“Middle Ages for Educators” Website

In an effort to help with distance learning, teaching and research, medievalists Merle Eisenberg, Sara McDougall, and Laura Morreale have created a new website: Middle Ages for Educators.

The website offers a wide range of materials.

  • Primary sources in Translation: found here with descriptions
  • Videos, podcasts, and useful websites for teaching can be found under Linked Resources- Teaching
  • Linked Resources offers links to existing medieval resources, specialist lectures, digitized manuscript collections, open-access publishing, and resources from adjacent fields
  • Try out our resource exchange for help with locating secondary sources now that libraries are closed

Middle Ages for Educators also offers teaching-focused video lectures.

  • In a short video, Dan Smail discusses the intimate effects of the Black Death in Marseille by recounting the story of a young woman Alayseta Paula. Smail takes you on a journey from the invention of paper that fueled the rise of documentary culture in the west to the curious and unresolved note that the word for “plague” was effaced from Alayseta’s court record.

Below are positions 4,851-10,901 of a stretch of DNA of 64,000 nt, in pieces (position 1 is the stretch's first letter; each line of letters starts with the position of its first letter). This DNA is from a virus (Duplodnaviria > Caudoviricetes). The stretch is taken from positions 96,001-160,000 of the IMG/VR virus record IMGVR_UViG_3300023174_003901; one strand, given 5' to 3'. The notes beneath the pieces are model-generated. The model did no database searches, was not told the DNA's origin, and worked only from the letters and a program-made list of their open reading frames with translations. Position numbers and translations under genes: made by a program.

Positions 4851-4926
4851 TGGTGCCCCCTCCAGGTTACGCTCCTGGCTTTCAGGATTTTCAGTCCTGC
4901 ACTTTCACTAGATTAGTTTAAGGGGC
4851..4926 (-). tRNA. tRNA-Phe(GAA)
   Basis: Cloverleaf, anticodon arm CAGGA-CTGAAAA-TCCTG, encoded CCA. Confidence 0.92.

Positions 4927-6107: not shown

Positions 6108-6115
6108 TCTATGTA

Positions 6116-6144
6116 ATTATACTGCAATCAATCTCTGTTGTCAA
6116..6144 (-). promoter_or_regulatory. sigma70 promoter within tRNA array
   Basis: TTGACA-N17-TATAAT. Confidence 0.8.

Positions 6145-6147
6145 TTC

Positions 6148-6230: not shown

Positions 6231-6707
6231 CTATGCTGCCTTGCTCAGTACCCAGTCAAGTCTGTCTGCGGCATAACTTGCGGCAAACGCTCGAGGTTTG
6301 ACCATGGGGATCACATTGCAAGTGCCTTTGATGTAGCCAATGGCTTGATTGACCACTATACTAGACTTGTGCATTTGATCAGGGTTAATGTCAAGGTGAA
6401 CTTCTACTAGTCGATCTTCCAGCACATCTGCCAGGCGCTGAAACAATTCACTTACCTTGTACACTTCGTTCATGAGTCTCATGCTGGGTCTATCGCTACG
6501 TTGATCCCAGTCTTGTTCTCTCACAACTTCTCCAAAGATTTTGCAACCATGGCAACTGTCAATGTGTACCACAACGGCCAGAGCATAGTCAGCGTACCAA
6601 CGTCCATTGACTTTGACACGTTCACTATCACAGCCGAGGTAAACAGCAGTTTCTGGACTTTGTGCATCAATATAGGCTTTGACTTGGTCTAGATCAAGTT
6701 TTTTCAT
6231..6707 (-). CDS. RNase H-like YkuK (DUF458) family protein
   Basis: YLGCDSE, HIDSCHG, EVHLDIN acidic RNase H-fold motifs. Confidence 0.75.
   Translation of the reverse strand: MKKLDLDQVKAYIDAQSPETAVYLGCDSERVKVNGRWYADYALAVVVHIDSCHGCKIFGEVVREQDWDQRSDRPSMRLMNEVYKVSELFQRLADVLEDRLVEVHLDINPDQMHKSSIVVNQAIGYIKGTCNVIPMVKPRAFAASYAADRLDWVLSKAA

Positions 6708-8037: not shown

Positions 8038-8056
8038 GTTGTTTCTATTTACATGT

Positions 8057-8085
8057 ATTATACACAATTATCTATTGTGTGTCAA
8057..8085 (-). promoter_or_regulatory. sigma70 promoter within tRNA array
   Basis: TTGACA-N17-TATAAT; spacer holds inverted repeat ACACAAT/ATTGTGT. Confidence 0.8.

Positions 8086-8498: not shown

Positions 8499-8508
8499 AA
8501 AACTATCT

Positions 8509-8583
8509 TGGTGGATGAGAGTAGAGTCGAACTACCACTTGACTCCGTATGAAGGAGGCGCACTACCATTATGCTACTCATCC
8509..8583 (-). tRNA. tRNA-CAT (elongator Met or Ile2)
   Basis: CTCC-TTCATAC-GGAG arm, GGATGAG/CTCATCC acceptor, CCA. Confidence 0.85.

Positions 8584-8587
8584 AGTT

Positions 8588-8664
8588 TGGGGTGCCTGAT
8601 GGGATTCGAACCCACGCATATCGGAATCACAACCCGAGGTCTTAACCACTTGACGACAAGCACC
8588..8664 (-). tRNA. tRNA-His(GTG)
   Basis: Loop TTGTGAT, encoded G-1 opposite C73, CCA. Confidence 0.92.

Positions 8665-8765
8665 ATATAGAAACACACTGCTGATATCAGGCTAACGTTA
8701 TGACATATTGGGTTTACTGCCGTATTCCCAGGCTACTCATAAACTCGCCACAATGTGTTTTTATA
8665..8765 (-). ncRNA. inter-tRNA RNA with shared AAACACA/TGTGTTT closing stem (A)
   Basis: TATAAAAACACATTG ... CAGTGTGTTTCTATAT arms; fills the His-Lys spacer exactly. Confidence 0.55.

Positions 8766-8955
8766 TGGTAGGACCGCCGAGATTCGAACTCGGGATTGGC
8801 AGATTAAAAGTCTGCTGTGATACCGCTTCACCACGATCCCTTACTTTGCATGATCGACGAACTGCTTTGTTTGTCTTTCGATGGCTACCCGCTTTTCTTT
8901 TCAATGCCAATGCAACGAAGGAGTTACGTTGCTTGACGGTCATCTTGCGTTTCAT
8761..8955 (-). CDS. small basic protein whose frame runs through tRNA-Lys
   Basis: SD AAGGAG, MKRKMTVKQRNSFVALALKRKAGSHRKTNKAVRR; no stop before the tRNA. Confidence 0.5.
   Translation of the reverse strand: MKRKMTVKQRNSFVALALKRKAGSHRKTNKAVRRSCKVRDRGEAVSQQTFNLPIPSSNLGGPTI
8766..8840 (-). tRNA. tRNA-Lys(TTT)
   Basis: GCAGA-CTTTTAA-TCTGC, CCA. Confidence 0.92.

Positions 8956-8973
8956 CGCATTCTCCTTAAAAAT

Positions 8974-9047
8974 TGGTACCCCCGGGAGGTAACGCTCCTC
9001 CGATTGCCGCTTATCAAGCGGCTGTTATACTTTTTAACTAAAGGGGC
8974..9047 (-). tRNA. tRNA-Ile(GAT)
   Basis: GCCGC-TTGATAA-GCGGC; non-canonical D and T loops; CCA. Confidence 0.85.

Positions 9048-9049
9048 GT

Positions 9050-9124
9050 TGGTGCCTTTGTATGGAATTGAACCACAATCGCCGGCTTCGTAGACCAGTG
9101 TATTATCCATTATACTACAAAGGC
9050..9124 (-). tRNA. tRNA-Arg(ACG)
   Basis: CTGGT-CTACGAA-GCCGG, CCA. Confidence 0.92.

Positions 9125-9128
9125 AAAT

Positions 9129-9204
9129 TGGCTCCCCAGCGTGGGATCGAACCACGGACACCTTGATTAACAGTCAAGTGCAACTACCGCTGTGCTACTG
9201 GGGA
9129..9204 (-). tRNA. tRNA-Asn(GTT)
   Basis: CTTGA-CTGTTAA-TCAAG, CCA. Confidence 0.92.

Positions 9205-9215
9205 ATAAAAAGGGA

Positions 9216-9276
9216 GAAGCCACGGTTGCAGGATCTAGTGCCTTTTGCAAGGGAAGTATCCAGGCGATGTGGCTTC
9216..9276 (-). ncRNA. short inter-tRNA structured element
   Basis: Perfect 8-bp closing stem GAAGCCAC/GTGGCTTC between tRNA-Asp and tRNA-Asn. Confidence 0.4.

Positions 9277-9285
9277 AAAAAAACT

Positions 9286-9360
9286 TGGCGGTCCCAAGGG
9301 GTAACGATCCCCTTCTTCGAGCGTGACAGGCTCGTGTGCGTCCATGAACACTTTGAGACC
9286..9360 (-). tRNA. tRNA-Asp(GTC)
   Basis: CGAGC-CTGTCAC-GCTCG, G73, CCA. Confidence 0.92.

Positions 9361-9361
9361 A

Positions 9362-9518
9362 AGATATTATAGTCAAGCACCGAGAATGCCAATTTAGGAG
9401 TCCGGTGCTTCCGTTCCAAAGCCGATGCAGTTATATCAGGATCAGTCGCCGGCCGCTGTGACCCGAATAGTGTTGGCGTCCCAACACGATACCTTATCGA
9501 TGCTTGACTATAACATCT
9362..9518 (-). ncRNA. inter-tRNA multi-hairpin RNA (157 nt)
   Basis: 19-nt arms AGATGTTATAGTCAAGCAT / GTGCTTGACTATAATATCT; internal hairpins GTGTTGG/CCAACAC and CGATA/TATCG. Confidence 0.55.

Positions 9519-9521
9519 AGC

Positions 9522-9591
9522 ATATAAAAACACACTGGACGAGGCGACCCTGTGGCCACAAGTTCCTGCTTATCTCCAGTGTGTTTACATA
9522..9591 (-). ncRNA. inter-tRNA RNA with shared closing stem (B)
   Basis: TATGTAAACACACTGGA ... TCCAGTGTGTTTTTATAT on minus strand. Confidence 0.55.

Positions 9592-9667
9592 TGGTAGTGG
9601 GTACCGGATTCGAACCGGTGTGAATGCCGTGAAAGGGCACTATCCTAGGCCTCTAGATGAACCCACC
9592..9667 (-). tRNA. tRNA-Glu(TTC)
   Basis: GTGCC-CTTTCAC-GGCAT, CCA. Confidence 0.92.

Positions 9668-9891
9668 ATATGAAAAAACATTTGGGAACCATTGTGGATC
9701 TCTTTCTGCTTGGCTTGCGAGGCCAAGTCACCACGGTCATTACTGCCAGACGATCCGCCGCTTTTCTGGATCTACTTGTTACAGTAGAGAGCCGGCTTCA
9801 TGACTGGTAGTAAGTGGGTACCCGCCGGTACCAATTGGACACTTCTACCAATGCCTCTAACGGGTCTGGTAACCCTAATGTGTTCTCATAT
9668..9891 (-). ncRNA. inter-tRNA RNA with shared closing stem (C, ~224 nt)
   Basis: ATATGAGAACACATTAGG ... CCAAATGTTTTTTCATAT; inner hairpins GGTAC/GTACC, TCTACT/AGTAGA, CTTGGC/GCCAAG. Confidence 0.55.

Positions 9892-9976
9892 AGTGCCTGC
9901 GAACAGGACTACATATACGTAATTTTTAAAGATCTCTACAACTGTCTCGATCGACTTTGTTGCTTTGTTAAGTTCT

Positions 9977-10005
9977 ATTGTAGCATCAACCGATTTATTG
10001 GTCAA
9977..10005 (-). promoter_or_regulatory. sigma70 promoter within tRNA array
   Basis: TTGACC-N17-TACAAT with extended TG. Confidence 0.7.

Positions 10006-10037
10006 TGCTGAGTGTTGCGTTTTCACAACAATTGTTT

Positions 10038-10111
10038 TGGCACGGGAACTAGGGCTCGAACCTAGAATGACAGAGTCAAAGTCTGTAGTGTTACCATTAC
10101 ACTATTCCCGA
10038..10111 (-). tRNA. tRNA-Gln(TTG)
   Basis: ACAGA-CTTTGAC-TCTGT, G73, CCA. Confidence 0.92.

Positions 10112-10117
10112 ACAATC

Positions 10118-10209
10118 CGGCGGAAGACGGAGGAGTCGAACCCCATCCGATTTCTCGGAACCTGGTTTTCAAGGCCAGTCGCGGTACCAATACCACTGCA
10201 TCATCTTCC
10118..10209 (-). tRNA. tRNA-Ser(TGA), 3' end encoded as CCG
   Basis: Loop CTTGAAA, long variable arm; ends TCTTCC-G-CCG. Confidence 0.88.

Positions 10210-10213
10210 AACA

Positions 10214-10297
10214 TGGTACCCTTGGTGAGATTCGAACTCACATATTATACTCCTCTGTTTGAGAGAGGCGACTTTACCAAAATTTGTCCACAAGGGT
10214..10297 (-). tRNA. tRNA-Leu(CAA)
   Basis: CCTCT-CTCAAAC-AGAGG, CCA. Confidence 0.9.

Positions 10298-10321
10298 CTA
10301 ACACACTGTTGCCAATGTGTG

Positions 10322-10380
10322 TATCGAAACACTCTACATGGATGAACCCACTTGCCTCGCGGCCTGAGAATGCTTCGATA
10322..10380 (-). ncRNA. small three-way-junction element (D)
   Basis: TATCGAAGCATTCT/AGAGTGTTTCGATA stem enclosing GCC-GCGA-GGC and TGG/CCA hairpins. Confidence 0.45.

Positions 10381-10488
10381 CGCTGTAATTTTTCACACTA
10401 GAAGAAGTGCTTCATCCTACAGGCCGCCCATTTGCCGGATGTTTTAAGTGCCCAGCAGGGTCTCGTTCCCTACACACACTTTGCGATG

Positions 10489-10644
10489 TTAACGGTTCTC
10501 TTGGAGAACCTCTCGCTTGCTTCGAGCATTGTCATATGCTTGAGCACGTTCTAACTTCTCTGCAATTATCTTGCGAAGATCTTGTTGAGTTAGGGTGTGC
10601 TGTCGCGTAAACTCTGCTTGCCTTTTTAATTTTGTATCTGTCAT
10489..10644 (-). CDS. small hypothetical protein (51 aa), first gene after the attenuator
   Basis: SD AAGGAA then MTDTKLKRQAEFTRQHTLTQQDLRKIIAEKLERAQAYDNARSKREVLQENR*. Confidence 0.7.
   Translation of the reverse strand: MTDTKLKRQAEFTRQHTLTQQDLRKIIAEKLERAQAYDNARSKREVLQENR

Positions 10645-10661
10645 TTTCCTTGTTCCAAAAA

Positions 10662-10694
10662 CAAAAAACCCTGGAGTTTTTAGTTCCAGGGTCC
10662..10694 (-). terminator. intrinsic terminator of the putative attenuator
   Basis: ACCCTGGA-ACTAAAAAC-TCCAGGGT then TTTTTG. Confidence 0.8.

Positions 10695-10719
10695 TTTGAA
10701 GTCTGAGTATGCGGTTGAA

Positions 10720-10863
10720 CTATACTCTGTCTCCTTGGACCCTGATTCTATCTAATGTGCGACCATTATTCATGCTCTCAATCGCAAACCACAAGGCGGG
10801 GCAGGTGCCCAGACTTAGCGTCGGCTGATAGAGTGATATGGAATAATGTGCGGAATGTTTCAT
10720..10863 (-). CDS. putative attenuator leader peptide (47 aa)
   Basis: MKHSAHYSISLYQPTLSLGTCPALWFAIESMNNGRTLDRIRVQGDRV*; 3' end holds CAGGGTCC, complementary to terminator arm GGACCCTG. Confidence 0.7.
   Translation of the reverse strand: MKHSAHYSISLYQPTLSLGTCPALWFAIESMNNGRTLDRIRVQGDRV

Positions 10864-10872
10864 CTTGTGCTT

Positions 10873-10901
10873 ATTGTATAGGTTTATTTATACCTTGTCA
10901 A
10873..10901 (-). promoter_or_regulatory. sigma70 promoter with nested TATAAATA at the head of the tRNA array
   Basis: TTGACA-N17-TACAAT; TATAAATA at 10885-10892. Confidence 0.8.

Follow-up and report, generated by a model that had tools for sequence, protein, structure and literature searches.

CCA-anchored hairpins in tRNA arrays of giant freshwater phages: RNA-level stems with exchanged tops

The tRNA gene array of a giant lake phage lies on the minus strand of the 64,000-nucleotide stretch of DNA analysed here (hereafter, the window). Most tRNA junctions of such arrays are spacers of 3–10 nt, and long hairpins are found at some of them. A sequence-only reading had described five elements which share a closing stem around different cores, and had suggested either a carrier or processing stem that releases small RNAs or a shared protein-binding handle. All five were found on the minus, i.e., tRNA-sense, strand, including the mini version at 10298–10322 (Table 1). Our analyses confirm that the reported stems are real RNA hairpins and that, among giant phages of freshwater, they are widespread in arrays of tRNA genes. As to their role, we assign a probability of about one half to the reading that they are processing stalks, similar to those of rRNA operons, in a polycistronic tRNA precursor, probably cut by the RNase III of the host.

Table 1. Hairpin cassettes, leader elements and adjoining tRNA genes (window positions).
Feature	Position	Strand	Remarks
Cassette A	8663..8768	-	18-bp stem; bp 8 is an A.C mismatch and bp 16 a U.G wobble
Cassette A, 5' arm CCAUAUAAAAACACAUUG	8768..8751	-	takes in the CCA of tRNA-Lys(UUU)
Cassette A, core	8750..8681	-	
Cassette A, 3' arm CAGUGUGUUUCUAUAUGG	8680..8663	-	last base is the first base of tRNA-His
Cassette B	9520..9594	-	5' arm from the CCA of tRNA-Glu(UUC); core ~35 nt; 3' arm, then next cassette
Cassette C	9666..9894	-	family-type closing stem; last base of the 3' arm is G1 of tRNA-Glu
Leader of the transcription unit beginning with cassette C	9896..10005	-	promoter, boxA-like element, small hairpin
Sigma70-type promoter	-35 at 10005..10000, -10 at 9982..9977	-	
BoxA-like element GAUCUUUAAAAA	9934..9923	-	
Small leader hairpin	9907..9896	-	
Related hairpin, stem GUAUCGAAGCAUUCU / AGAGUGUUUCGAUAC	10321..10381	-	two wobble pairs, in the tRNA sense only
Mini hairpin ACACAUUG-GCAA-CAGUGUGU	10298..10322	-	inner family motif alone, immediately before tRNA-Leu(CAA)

• Dana Wessell Lightfoot has shared some of her lectures, including her slides, for example this fantastic exploration of race, racism, and medieval history that can be easily incorporated into your virtual courses.

There is a lot more on the website, so please visit and tell us what you think. This is a work in progress and we highly encourage comments, criticisms, and, most importantly, contributions for more content.

Many more colleagues are preparing contributions on the sources they know best, so check back frequently for more content, and watch for our announcements on twitter and elsewhere at #middleagesforeducators.

Thanks so much!

Merle Eisenberg, Postdoctoral Fellow, National Socio-Environmental Synthesis Center (SESYNC) University of Maryland
Sara McDougall, Associate Professor of History at John Jay College of Criminal Justice of the City University of New York
Laura Morreale, Independent Scholar

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